# Massachusetts Institute of Technology (Spring 2006)

```Massachusetts Institute of Technology
Department of Electrical Engineering &amp; Computer Science
6.041/6.431: Probabilistic Systems Analysis
(Spring 2006)
Recitation 3 Solutions
February 16, 2006
1. Problem 1.35, page 61. See online solutions.
2. Example 1.21, page 37 of text. See solutions in text.
3. (a) True
If P (A | B) = P (A), then A and B are independent. And if B is independent of A, then
B is also independent of Ac . This implies, by the deﬁnition of independence:
P (B | Ac ) = P (B)
(b) False
Since there are only 5 tails out of ten, knowledge of one coin toss provides knowledge
about the other coin tosses, which means the two events are not independent. In other
words, the knowledge that the ﬁrst coin toss was a tails inﬂuences the probability that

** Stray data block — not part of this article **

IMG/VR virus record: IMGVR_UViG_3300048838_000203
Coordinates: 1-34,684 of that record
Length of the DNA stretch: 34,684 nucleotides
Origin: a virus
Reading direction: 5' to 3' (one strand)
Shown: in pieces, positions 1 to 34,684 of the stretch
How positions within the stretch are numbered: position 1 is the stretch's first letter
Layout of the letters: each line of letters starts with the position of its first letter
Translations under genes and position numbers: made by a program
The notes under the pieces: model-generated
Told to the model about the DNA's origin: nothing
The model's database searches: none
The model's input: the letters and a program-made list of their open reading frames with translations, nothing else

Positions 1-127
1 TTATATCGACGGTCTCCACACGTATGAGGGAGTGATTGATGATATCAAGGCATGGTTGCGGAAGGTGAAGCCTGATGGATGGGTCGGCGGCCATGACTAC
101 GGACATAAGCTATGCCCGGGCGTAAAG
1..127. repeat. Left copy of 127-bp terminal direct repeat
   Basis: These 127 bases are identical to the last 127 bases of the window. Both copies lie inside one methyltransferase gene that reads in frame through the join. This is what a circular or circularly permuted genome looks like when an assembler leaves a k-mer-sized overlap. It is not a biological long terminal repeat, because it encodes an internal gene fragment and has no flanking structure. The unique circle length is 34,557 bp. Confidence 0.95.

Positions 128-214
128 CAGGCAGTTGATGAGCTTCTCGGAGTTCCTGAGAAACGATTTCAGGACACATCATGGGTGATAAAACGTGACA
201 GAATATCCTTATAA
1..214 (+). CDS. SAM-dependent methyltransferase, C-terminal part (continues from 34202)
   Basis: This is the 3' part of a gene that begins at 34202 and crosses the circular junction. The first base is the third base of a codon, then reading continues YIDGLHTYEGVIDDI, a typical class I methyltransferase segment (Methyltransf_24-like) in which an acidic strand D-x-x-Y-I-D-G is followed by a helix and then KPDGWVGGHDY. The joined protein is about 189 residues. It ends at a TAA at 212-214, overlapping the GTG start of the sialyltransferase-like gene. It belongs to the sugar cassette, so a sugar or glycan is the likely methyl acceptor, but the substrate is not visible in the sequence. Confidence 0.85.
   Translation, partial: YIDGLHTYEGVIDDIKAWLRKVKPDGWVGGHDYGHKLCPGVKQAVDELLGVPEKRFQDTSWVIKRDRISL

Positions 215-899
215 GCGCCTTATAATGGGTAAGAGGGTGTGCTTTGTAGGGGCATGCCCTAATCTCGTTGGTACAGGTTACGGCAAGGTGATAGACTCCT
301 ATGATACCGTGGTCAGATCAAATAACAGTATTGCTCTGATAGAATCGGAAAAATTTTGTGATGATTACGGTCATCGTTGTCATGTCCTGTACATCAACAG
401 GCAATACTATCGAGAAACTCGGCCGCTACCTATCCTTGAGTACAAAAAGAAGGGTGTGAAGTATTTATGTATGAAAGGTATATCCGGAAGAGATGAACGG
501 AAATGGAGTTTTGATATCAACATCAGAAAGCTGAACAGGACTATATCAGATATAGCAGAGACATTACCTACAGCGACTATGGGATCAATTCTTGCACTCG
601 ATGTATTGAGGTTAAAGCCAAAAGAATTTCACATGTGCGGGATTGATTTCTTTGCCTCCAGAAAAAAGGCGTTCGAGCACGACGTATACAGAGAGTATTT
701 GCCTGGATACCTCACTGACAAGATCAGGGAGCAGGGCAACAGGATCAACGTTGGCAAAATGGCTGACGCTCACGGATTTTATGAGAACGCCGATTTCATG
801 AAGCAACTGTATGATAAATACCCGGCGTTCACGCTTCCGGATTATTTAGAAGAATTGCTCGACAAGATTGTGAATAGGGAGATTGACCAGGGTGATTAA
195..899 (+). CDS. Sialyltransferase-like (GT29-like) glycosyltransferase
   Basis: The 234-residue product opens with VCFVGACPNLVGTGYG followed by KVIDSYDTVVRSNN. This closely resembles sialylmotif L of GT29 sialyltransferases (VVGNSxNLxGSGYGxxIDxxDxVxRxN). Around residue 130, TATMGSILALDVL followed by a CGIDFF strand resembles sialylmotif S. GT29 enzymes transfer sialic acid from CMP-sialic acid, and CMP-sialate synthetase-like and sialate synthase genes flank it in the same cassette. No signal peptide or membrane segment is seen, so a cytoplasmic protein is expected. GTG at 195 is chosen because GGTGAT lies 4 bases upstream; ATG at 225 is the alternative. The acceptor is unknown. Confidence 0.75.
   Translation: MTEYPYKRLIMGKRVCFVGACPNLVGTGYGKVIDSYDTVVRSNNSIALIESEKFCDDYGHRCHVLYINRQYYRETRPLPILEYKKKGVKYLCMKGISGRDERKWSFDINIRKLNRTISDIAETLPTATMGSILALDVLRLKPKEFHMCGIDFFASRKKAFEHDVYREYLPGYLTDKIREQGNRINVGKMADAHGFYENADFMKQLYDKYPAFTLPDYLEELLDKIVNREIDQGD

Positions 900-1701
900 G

the tenth coin toss is a tails.
(c) True
Here, all tosses are tails, so knowledge of one coin toss provides no additional knowledge
about the tenth coin toss. Therefore the two events are independent.
(d) False
On the left hand side of the expression, since Ai ’s are disjoint,
P (B | C) =
=
=
P (B ∩ C)
P (C)
n
�
P (Ai )P (B ∩ C | Ai )
i=1
n
�
i=1
P (C)
P (Ai ∩ B ∩ C)
P (C)
However, the right hand side of the given expression shows,
n
�
P (Ai | C)P (B | Ai ) =
i=1
=
n
�
P (Ai ∩ C) P (B ∩ Ai )
i=1
n
�
i=1
P (C)
P (Ai )
P (Ai ∩ B ∩ C)
P (C)P (Ai )
where the last line is ONLY TRUE if the events Ai ∩ C and B ∩ Ai are independent of
each other.
Note also for the expression to be true, i = 1 and A1 has to be the entire sample space,
i.e. P (A1 ) = 1. Therefore, the given expression only holds if Ai ∩ C and B ∩ Ai are
independent and i = 1.
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